Notes-Class-9-Mathematics-2-Chapter-1-Basic Concepts in Geometry-Maharashtra Board

Basic Concepts in Geometry

Class-9-Mathematics-2-Chapter-1-Maharashtra Board


Topics to be learn : 

  • Point, line and plane
  • ·Co-ordinates of a points and distance
  • Betweenness
  • Conditional statements
  • Proof

Point, line and plane :

  • We do not define a point, line and plane also. These are some basic concepts in Geometry.
  • Lines and planes are sets of points.
Co-ordinates of a points and distance :

The number associated with a point on the number line is called its coordinate.

Example : In the below figure, the coordinate of point A is -5 and the coordinate of point D is  1.

Remember :

  • The distance between the two points is obtained by subtracting the smaller coordinate from the larger coordinate.
  • The distance between two distinct points is a nonnegative real number.
  • If the two points are not distinct then the distance between them is zero.

Betweenness :

If P, Q, R are three distinct collinear points, there are three possibilities.

(i) Point Q is between P and R. ( Symbolically : P—Q—R )

(ii) Point R is between P and Q. ( Symbolically : P—R—Q )

(iii) Point P is between R and Q. ( Symbolically : R—P—Q )

If d (R,P) + d (P, Q) = d (R, Q), then it is said that point P is between points R and Q. This is shown as R—P—Q or  Q—P—R

Line segment :

  • The union set of point A, point B and points between A and B is called segment AB or seg AB. Seg AB means seg BA.

  • Point A and point B are called the end points of seg AB.
  • The distance between the end points of a segment is called the length of the segment. That is l(AB) = d (A,B)
  • l(AB) = 10 is also written as AB = 10.

Ray AB :

  • If A and B are two distinct points. The union set of all points on seg AB and the points P such that A - B - P, is called ray AB. Here point A is called the starting point of ray AB.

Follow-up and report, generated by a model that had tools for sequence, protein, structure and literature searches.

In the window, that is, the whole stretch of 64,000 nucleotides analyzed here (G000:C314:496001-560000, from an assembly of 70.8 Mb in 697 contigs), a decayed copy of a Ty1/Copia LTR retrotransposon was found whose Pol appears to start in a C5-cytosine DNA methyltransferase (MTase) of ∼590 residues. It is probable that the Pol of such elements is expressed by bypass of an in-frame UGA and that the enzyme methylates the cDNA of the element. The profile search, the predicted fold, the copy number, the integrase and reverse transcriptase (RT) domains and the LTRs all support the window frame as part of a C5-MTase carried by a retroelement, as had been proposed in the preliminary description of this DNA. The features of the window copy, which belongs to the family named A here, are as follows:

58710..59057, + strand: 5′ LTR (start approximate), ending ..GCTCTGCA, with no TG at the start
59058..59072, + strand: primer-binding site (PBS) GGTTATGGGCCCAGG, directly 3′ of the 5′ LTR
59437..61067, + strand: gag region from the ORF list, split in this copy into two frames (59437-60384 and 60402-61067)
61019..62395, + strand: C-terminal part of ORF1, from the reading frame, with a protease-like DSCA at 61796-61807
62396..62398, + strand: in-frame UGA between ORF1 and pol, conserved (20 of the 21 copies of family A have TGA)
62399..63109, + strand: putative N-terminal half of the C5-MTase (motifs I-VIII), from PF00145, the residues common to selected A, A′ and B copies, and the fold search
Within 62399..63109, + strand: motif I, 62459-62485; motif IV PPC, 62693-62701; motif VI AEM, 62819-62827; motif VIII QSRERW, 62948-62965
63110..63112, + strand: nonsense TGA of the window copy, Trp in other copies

• The union set of points on ray AB and opposite ray of ray AB is called line AB.
  • The set of points of seg AB is a subset of points of line AB.

Congruent Segments :

  • If the lengths of two segments are equal, then the two segments are congruent.

  • In the above figure, AB = CD
  • ∴ seg AB ≅ seg CD

Properties of congruent segements :

  • Reflexivity : seg AB ≅ seg AB
  • Symmetry : If seg AB ≅ seg CD then seg CD ≅ seg AB
  • Transitivity : If seg AB ≅ seg CD and seg CD ≅ seg EF then seg AB ≅ seg EF

Midpoint of a segment :

  • If A-M-B and seg AM ≅ seg MB, then M is called the midpoint of seg AB.

  • Every segment has one and only one midpoint.
  • In the figure, AM = MB = \(\frac{1}{2}\)AB

Comparison of segments :

  • If l (AB) < l (CD), then seg AB < seg CD or seg CD > seg AB.

  • The comparison of segments depends upon their lengths.

Perpendicularity of segments or rays :

  • If the lines containing two segments, two rays or a ray and a segment are perpendicular to each other, then the two segments, two rays or the ray and the segment are said to be perpendicular to each other.

  • In the figure, seg AB ⊥ line CD and seg AB ⊥ ray CD.

Distance of a point from a line :

  • If seg CD ⊥ line AB and the point D lies on line AB then the length of seg CD is called the distance of point C from line AB.

  • The point D is called the foot of the perpendicular.
  • If l(CD) = a, then the point C is at a distance of ‘a’ from the line AB.

Conditional statements and converse :

(i) The statements which can be written in the ‘If — then’ form are called conditional statements.

 Example :